Several nights ago we had family members over for dinner and sat around the table for over an hour after the plates had been cleared. We weren't talking politics, giving each other advice, or complaining about other family members. We were doing nothing more than sharing stories. Some of the stories were memories of our small town growing up, some were stories about friends that had passed in and out of our lives. Some of the stories were about challenges we have overcome and lessons we have learned. When the evening was over, I felt cleansed and calm. This morning, when I ran across an article in The New York Times about storytelling, my evening with my family made sense. It seems that our bodies actually have a positive, physical reaction to the act of storytelling. In her article titled, "Patient Stories May Improve Health," Pauline Chen writes:
The Annals of Internal Medicine has published the results of a provocative new trial examining the effects of storytelling on patients with high blood pressure. And it appears that at least for one group of patients, listening to personal narratives helped control high blood pressure as effectively as the addition of more medications.
Monitoring the blood pressure of nearly 300 African-American patients who lived in urban areas and had known hypertension, the researchers at three-month intervals gave half the patients videos of similar patients telling stories about their own experiences. The rest of the patients received videos of more generic and impersonal health announcements on topics like dealing with stress. While all the patients who received the storytelling DVD had better blood pressure control on average, those who started out with uncontrolled hypertension were able to achieve and maintain a drop as significant as it had been for patients in previous trials testing drug regimens.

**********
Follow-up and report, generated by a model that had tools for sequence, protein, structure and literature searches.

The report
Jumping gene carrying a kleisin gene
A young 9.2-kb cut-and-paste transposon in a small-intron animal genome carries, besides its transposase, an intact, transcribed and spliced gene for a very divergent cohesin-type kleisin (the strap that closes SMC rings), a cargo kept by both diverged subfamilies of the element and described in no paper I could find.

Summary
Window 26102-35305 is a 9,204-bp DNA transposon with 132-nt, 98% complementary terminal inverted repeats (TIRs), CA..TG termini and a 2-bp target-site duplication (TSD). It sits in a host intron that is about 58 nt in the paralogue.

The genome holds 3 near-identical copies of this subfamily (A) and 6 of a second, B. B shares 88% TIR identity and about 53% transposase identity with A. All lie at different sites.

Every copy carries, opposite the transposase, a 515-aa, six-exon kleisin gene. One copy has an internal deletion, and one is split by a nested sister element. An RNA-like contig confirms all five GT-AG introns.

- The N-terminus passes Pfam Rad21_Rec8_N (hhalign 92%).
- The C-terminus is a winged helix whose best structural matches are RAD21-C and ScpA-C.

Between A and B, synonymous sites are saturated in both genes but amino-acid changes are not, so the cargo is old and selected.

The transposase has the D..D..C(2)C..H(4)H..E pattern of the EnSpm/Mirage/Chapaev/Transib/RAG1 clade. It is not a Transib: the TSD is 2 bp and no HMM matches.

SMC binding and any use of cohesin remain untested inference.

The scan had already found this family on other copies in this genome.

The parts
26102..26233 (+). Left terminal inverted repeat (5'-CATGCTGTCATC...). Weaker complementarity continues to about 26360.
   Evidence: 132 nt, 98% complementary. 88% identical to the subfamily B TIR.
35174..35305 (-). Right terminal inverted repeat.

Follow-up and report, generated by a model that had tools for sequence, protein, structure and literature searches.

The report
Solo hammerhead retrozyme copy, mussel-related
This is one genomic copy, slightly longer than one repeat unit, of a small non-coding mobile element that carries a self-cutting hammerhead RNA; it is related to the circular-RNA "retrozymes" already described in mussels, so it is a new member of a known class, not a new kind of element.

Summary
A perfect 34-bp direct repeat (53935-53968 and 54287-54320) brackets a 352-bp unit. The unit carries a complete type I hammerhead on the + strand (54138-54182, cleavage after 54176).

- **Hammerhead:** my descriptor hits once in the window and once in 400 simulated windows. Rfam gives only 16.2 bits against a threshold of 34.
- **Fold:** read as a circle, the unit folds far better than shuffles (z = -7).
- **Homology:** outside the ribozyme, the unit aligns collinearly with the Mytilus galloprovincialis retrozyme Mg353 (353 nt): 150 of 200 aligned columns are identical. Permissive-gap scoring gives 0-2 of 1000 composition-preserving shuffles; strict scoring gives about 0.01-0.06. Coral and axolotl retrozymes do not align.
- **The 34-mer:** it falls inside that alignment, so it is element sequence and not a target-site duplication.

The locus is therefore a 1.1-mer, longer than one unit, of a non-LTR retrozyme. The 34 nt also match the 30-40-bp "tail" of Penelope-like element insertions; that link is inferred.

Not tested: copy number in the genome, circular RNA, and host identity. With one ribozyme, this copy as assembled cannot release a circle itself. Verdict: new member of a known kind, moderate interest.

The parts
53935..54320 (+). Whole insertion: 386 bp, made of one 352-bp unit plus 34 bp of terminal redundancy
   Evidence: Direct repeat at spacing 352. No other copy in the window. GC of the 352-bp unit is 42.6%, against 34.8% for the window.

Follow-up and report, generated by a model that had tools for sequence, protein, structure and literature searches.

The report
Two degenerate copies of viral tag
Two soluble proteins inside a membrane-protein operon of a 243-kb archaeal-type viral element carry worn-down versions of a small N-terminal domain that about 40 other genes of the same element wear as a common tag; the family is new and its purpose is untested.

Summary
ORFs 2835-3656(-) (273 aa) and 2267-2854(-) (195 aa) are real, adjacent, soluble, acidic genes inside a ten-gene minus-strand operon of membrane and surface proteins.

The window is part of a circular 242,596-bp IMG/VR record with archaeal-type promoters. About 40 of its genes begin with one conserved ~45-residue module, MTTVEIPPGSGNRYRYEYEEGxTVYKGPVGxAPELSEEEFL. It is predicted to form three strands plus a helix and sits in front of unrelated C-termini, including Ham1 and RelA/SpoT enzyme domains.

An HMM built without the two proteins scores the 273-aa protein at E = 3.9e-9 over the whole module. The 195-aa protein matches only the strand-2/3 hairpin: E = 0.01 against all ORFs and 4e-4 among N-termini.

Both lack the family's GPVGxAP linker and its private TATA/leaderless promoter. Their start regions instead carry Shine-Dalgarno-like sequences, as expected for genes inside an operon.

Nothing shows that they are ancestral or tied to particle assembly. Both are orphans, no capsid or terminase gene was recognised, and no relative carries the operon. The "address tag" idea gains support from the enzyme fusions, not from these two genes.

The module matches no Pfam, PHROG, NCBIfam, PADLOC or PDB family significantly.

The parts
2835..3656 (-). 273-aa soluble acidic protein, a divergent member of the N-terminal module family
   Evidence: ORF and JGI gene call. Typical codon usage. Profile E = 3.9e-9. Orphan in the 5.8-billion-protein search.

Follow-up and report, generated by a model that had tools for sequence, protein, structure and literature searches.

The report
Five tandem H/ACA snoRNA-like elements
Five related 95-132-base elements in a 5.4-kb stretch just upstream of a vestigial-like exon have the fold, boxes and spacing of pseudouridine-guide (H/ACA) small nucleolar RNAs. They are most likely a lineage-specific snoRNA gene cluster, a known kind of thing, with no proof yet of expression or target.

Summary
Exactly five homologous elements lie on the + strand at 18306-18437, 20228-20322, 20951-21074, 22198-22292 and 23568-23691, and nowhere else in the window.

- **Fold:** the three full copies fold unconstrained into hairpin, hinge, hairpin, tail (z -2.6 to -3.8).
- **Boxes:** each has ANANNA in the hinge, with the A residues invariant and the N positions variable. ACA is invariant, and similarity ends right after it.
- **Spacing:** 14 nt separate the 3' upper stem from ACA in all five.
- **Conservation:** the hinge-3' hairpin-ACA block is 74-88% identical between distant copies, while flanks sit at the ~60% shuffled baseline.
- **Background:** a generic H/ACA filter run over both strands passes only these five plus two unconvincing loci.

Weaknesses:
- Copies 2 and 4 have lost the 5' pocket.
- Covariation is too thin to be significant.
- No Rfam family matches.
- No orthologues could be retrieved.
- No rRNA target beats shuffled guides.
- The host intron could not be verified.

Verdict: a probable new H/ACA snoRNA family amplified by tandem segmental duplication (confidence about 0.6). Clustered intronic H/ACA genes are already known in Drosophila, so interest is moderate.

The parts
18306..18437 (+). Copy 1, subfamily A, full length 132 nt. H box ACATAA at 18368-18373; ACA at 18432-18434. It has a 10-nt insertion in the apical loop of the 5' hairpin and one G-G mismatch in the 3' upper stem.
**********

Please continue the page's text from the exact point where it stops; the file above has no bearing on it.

Later in the article, lead author of the study and researcher Dr. Thomas K. Houston says this: “Telling and listening to stories is the way we make sense of our lives. That natural tendency may have the potential to alter behavior and improve health.”
Every culture in history, including our own, has had a way to pass along stories, whether through writing, pictures, orality, or song. Apparently, it is vital to a culture - and to individuals - to tell our stories. And it is good for our health as well. Our magazine is one way to tell and listen. I've discovered the value of sitting around a table and sharing stories as well. Sometimes I wonder if this is a lost art. We rarely have time to sit around a table and eat together, much less spend time telling stories after the dinner is finished. If storytelling is good for our health, what ways are you incorporating it into your life? I'd be interested to hear your comments.